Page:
Genes and Blood Pressure Risk
Monday, September 28, 2009

A recent study shows lifestyle factors interact with genes to influence blood pressure levels and increase or decrease the risk of high blood pressure. Dr. Edward Hill discusses the study in today’s 60 Second Housecall.

Genes may help explain why some people are more or less susceptible to the negative effects of drinking, smoking or lack of exercise on their blood pressure.

Lifestyle factors interact with genes to influence blood pressure levels and increase or decrease the risk of high blood pressure, a study by North Carolina researchers concluded.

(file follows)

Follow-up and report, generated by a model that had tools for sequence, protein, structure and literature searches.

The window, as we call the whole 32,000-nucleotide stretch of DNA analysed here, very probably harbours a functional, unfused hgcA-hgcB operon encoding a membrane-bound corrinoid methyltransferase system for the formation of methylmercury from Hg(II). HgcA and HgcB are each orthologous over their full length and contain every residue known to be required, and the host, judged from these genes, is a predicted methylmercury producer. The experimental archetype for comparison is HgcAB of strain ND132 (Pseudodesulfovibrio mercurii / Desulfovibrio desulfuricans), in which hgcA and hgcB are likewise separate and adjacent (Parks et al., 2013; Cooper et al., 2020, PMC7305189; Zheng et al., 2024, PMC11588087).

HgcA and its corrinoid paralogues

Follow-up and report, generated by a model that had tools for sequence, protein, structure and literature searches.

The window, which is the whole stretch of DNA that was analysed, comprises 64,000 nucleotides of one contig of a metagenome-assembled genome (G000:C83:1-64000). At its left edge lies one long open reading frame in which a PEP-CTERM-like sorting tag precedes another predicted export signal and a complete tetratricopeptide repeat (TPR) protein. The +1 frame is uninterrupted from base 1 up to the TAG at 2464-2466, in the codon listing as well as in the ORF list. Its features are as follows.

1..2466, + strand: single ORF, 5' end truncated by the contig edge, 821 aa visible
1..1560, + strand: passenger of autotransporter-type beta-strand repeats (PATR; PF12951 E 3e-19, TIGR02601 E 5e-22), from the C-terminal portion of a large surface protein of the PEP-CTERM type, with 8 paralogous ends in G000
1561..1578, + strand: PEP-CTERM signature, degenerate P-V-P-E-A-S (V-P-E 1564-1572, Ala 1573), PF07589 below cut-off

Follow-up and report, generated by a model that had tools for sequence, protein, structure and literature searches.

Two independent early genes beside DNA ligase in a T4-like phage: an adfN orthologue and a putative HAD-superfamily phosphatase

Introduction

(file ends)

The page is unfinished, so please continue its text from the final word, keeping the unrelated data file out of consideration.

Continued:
The survey looked at how inherited genetic patterns influenced high blood pressure risk among those with different lifestyles and education levels.

The results showed that about 15 percent of the variation in diastolic values was due to genes.

Researchers also found:

• A link between cigarette use and gene interaction on diastolic blood pressure.

• Evidence that blood pressure among drinkers is affected by different genes in former and never drinkers.

• Evidence that an individual's physical activity level influences the genetic effects on blood pressure.

The next step is to identify the particular genes that interact with each of the three lifestyle factors to increase the risk of high blood pressure.

For North Mississippi Medical Center, I’m Dr. Edward Hill.